- Lizard sunbathing on a rock. Starting in the same position with one person in child’s pose, the second person furthers their stretch by lying down head to head and extending their arms side to side.
- Down dog tunnels. Everyone lines up side to side in downdog and everyone takes turns slinking through the tunnel and getting back into downdog.
- Double down dogs. One person gets into down dog. The second person stands at the feet of their partner and faces away. Then the second person slowly lifts their feet onto the sacrum (pant line) of the first and gets into their own down dog.
- Group tree. Touching palms everyone lifts into tree pose, raising hands into the air.
- Group airplane. Everyone comes into a circle and gets into airplane with hands reaching out toward each other.
- Group boat. In a circle everyone does boat with feet touching and holding hands.
- Group flower. In a circle everyone starts in butterfly pose with feet touching, then slip arms through legs and grab a hold of the hands next to you.
- Partner boat. Holding hands facing each other with leg bent, extend legs up together while balancing on sit bones.
- We ended the group poses with each family creating a unique pose of their choice.
We played a breathing game with each family trying to keep a scarf up in the air with their breath.
And finished with savasana.
It was a really wonderful way to spend time with my family while sharing the joy of yoga.
As I have posted previously, teaching yoga to kids is very different than teaching adults. It is yoga play and typically proper alignment is not stressed. Once a session, however, I take out some props and teach my classes of kids between 5 and 11 some alignment. The kids love it when I bring out the yoga props and although I am speaking alignment, the idea that I am treating them like the adults makes this class special in their eyes. The props are like presents and the excitement is palpable.
Here is a list of poses that we do using different props:
3 lb Pilates Balls
1. Chair pose with chest press
2. Chair pose with chest press and side leg extensions
3. Partner seated twists – sitting back to back with legs crossed twist to one side to pass the ball and then twist to the other side to retrieve the ball.
4. Standing splits – press ball into the air, lift one leg back as you touch the ball to the floor.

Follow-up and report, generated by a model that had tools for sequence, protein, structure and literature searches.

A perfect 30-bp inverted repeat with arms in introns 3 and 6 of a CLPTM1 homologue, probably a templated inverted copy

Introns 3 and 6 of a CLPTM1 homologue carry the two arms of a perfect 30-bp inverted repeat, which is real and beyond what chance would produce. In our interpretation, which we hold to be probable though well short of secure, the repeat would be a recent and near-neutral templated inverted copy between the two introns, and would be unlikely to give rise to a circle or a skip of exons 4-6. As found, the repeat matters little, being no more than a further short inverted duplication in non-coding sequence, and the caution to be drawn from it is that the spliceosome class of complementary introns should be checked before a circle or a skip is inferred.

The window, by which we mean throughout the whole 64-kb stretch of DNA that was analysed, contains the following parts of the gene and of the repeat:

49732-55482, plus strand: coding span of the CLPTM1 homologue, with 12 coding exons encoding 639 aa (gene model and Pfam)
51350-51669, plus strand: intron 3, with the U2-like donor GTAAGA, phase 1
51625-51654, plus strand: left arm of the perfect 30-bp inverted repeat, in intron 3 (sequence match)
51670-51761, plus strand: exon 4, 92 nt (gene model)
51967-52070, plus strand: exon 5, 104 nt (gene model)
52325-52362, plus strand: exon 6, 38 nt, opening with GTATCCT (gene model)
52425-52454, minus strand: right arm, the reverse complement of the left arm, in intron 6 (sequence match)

5. Boat pose holding ball
6. Boat pose holding ball to one side and then twisting to the opposite side
7. Standing back to back with feet mat distance apart pass ball back and forth with forward bends between legs and then with a small back bends above head.
1. Chair pose against the wall
2. Warrior one with foot against the wall
3. Warrior three with foot pressing against the wall
4. Warrior three with finger tips touching the wall
5. Tree pose touching wall
6. Dancer pose facing and touching the wall
7. Half Moon with foot pressing against wall and the use of a block for hand
8. Handstand prep against the wall
9. Tripod headstand against the wall
10. Camel pose with hips against the wall
1. Half Moon with foot pressing against the wall and the use of a block under hand
2. Feet up the wall with blocks on feet (avoid if the blocks are too heavy and use hardcover books)
I haven’t used blankets, bolsters or straps with the 5-7 year-olds but the 8-11 year-olds love to use blankets and bolsters during savasana. What I especially like about introducing the wall is that you see the kids take more risks with poses knowing the support is there. The kids all love to try handstands and they really open up in half moon.
We ended classes this week with a lot of giggles doing a group chair pose against the wall – one person starts against the wall and everyone else sits on each others laps. The kids are amazed that they can hold the weight of the entire class on their lap and the occasional falls upon trying to stand back up gets everyone laughing to savasana. I posted a while back about a great “life lesson” using chair pose against the wall. Check it out here.
I am writing with the window open and the air feels and smells like Fall. How can summer be over already? New school supplies and clothes have been bought, backpacks are packed, we head out to meet new teachers and see old friends tomorrow.
Although Spring may be the season for new growth, Fall always carries within its crisp air the feeling of new possibilities and a clean slate.
Add some yoga into your life this Fall. Start with these beginner poses. Remember to breath three full breaths through your nose as you allow your body to relax into the stretch.
- Cat – Cow Stretch: A very basic spinal stretch done on all fours.
- Child’s Pose – Balasana: This is a resting pose you can use anytime you get tired.
- Cobra Pose – Bhujangasana: A very basic backbend, Cobra may be done many times in a single yoga class.
- Corpse Pose – Savasana: This resting and rejuvenating pose is done at the end of every yoga class.
- Downward Facing Dog – Adho Mukha Svanasana: Downward facing dog is done many times during most yoga classes. It is a peaceful pose, a resting pose and a great strengthener in its own right.